Oscar Mondragon will spend a little over three years in jail for involuntary manslaughter and violation of the Georgia Street Gang Terrorism and Prevention Act by pointing or aiming a gun or pistol at another.
He is accused of shooting and killing his 12-year-old brother, Javier Mondragon, at close range at their home in the Valley View Mobile Home Park off Eastside Drive in Marietta on June 2, 2011.
Cobb Superior Court Judge Mary E. Staley sentenced Mondragon to 10 years with five years to serve in prison. He will receive credit for the 22 months he has already served in a local youth detention center.
Mondragon also received a 10-year sentence for the street gang violation, but it will run at the same time as the other sentence.
“You took the life of a 12-year-old victim,” Staley said. “Your record indicates an escalation of criminal behavior.”
Based on a letter he submitted to the court, Staley said she hoped he had changed.
“I hope things have a better future for you and that’s within your grasp,” she said.
Cobb Assistant District Attorney Jesse Evans said he thought it was appropriate to reduce the sentence for involuntary manslaughter. The maximum sentence is 25 years.
“This appears as a factual matter to be an accident,” he said.
Evans said he spoke to the defendant’s family, including his mother Eloisa Castaneva, who testified on behalf of the defense during the hearing, and they were OK with the sentence.
“I’m sure this defendant does not want to go to the state system. No defendant wants to go to the state system, but at the same time these are very serious offenses, and this is why gang members shouldn’t have guns,” Evans said.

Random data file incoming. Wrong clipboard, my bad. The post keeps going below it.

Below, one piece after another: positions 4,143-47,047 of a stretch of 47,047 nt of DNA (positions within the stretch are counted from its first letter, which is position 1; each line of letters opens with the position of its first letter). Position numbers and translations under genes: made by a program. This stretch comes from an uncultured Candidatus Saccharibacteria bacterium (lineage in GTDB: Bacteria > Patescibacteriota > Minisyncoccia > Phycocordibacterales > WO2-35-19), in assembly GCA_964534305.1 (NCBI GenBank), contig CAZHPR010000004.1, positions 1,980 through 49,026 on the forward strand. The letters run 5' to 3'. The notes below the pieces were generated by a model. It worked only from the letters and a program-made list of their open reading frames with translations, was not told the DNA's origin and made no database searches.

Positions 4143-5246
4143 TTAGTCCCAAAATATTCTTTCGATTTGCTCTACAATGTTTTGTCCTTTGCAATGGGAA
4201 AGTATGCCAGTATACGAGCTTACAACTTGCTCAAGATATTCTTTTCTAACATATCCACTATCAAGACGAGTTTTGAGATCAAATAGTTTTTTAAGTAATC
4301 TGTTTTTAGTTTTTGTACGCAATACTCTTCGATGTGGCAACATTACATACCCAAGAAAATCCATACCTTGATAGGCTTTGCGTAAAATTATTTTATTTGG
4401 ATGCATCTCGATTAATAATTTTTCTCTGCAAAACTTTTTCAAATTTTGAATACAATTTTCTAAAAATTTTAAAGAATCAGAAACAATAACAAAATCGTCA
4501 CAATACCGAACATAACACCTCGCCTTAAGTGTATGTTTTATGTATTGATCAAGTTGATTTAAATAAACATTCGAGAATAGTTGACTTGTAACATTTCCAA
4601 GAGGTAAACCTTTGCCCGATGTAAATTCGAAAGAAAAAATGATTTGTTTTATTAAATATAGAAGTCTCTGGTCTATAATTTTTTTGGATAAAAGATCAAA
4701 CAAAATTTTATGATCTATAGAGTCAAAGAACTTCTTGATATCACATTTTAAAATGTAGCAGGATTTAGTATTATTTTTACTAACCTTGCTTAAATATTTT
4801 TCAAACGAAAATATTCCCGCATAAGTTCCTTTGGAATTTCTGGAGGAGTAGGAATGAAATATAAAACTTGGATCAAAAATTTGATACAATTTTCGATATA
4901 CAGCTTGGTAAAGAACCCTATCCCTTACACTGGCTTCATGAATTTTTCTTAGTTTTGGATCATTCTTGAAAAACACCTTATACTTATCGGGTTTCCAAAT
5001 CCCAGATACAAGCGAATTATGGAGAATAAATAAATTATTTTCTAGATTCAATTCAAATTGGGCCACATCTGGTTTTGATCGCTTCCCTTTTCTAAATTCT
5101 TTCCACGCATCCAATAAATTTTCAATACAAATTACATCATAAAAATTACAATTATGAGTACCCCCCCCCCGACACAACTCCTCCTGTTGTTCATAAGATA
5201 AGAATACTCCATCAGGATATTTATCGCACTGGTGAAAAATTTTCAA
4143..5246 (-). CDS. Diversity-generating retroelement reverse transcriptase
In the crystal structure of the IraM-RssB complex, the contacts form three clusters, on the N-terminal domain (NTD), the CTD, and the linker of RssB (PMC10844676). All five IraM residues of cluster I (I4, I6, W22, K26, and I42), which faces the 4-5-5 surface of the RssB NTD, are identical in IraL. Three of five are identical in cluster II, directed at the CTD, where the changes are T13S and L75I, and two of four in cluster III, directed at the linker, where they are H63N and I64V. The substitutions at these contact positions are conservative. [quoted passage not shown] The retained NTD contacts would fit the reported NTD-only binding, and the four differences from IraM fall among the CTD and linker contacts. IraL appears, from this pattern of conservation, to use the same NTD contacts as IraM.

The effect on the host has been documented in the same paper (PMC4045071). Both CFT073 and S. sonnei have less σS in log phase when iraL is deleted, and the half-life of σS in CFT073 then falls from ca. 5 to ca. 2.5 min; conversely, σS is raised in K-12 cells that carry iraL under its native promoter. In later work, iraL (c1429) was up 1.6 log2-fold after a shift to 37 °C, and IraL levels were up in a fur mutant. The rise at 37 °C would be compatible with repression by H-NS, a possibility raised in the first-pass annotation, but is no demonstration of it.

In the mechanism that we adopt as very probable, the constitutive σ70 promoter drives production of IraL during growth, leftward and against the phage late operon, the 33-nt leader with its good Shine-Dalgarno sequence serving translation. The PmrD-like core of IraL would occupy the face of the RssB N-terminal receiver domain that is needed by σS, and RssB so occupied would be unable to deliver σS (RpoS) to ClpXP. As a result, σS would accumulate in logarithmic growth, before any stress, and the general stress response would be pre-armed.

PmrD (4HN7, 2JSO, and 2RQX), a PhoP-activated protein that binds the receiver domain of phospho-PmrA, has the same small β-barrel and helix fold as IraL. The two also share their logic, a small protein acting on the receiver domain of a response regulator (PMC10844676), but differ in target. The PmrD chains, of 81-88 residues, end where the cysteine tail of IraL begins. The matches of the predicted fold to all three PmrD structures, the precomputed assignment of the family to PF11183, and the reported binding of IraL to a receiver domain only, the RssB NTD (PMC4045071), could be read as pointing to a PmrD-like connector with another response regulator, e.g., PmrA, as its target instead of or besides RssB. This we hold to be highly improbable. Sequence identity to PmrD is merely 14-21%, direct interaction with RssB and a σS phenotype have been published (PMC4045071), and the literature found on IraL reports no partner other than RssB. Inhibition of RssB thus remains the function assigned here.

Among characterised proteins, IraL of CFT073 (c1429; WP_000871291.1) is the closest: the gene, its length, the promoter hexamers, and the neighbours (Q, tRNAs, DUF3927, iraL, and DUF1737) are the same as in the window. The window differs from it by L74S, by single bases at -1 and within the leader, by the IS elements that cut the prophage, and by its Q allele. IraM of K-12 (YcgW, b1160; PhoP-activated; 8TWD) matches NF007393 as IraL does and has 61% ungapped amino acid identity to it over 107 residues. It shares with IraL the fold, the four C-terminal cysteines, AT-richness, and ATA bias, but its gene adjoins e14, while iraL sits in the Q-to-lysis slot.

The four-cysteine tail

He said the state couldn’t ignore Mondragon’s previous criminal history, either, and his association with the LNS 13 gang.
“This sentence is more than fair under the circumstances,” he said.
Since he was 12 years old, Mondragon has been arrested on numerous juvenile charges, including burglary, drug possession, running away, eluding police and probation violation.
More danger in prison system?
Mondragon was represented by Jason Treadaway, who argued that his client should be released back into the custody of his family because the state prison system could reintroduce him to gang violence.
“He was housed at the YDC for a reason,” Treadaway said. “Children at that age are impressionable and preyed upon. They are in a special class that deserves special treatment.”
He understood the severity of the crime but was worried that lifetime prisoners who were incarcerated for gang-related offenses would take advantage of Mondragon because they know he will get out of jail in the next three years.
“Can’t you imagine how much one of these old-time gang bangers down at Jackson would relish the opportunity to get a hold of Mr. Mondragon and to take him under their wing … he would be clay in their hands that they can mold, train and teach the ways of the street and the gang,” Treadaway said.
Mother pleads for her son
His mother, Casteneva, his cousin, Maria Galdamez, and Victor Pena with the Marietta Regional Youth Detention Center all testified and agreed that sending Mondragon to jail was a bad idea.
“My opinion is that I don’t want him to be sent to prison because of the bad influences there,” Castaneva said, using an interpreter.
She told the court that she has seen a change in her son since he was arrested, that he has plans to work and is a different person.
When asked if her son has shown any remorse to the shooting, she only said she has asked him what happened that night, and he remained silent.
Castaneva said if her son were released to the family’s custody though, he would not be allowed to live with her, but she would find somewhere for him to live.